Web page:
very similar to this
 
#72
I've though of doing a center traveler, it can be done.

It would be nice to have a track traveler like the Europe or Finn, - -

And I do beleive it would work, the mast and boom should be strong enough
Ross - assuming you want to maintain the same Leech tension upwind in 20+ Kts try and imagine the kicker (sorry vang) tension you would require to get the outhaul end of the boom the same height off the rear deck as you do when you are block to blocking. If you think that will work - try it on your boat between races next time out and when you have got it as close as you can - look at the resulting sail shape - be quick now because I reckon you're wrong about the boom strength and you may not have long to admire the 'new' sail shape!
 
#73
yes, across the front of the cockpit, so it would be just infront of the boom block, so you would never strangle yourself, and it would not be attached to the boom. You tie the mainsheet around the boom, take it down to the block attached to the bridel, then to the boom block, and back to the mainsheet block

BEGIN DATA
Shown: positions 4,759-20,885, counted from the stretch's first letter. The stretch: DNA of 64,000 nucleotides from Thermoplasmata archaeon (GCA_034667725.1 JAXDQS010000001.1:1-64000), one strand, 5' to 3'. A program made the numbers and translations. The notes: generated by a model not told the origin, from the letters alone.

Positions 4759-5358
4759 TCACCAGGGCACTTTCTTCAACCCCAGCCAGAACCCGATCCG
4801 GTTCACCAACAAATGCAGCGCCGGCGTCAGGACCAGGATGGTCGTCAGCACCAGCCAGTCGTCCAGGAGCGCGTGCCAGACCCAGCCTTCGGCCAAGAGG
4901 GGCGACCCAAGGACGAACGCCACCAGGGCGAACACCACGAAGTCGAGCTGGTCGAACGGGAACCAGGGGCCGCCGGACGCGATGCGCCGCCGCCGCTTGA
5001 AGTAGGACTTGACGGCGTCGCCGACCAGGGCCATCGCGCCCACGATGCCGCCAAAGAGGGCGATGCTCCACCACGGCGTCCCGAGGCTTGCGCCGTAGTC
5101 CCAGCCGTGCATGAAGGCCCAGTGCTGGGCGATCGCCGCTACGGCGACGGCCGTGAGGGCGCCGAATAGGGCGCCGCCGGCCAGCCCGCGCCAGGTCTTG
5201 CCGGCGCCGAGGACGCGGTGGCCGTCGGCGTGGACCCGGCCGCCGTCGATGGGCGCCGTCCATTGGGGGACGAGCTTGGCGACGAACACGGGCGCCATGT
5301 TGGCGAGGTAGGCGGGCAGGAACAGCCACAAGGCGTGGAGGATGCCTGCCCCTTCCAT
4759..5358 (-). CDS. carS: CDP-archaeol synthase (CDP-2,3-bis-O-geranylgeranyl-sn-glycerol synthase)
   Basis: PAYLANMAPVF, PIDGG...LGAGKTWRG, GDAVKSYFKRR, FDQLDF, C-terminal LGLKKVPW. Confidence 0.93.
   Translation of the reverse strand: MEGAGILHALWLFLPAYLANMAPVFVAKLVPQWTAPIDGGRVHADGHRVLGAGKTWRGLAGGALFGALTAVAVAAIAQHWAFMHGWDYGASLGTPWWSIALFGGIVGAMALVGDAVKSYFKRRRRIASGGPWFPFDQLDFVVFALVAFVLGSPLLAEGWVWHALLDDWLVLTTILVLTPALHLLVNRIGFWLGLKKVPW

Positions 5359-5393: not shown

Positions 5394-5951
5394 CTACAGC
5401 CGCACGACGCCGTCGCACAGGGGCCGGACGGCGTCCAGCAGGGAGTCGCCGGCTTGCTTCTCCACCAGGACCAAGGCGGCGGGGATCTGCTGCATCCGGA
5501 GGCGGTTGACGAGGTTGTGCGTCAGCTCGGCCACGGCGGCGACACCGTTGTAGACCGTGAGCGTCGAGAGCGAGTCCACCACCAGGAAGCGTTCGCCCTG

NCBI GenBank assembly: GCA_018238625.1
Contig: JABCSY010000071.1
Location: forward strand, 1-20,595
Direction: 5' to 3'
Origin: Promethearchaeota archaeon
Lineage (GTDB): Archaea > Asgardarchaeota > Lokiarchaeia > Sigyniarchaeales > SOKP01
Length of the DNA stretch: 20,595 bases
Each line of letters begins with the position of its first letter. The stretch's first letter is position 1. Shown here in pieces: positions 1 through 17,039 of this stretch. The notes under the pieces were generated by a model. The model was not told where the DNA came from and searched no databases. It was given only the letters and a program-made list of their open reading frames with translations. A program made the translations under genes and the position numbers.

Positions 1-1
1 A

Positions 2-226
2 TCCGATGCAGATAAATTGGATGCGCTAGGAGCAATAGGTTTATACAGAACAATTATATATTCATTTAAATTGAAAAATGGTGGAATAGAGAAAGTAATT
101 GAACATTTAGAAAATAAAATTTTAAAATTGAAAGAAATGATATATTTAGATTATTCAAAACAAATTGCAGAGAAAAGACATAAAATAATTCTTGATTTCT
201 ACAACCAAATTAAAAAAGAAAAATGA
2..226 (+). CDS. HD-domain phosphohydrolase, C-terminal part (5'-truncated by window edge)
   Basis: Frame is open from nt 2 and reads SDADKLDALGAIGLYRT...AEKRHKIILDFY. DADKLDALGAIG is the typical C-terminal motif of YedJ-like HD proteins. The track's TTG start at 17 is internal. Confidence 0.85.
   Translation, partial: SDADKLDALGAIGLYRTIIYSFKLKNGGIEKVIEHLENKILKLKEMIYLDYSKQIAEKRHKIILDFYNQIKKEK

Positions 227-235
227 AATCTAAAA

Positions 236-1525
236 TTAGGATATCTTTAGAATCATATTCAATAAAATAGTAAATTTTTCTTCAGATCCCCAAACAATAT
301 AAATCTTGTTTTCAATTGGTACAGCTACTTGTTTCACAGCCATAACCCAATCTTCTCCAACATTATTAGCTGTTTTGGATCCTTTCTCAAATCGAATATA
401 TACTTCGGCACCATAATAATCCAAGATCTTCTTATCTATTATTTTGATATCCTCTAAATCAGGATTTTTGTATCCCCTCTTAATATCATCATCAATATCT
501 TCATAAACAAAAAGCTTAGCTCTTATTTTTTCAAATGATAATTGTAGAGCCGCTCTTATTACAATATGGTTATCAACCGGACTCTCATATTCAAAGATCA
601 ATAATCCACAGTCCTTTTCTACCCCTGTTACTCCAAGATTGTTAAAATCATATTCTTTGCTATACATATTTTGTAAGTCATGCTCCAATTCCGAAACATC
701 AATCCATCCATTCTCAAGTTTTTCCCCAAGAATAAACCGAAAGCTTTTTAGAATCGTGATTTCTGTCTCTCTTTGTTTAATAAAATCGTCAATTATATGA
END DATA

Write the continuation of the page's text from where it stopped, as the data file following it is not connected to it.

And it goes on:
So, the load on the mainsheet would be higher because the sheet is now attached to the middle rather than the end of the boom. The boom would bend in the middle causing all kinds of leech problems, and the boom would be pulled to the centerline of the boat by the length of the bridle, causing sheeting angle problems.
Why is this a good idea?
 
#75
this is not at all a professional opinion--
During the pacific coast champs, a carbon composite topsection was available for testing by tracy usher and the like, i believe he said that he wasn't wild about it. I really don't think that it would be worth it with the increase in cost.

as for aluminum topsections, ive heard that the australian ones are the best right now. true?
 
#76
I have no personal experience but the 'For Sale' ads in the UK often claim that an Australian top section is stiffer therefore best for heavier sailors.
 
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Ross B

Guest
#77
When I move out of the house and my parents don't care what I do to my laser, I'll try it on my old boat. I won't do it now because I don't want to drill holes in it and deal with the "Wrath of Dad!!!!:O"

And when I was in the junior program, we used to dick around, and would often sail around with the mainsheet dead ended at the first boom block. And the boat was sail able. In order to get the right leech tension, the height of the bridle simply has to be adjusted. Being that I have never tried it, I don't know how high.

But I'm not an engineering student, nor have I ever claimed to be, and I have not played one on TV, and I did not stay in a motel six last night. So don't take my word for it. I just had a really good idea. (At least I think so, if you don't like, move on!)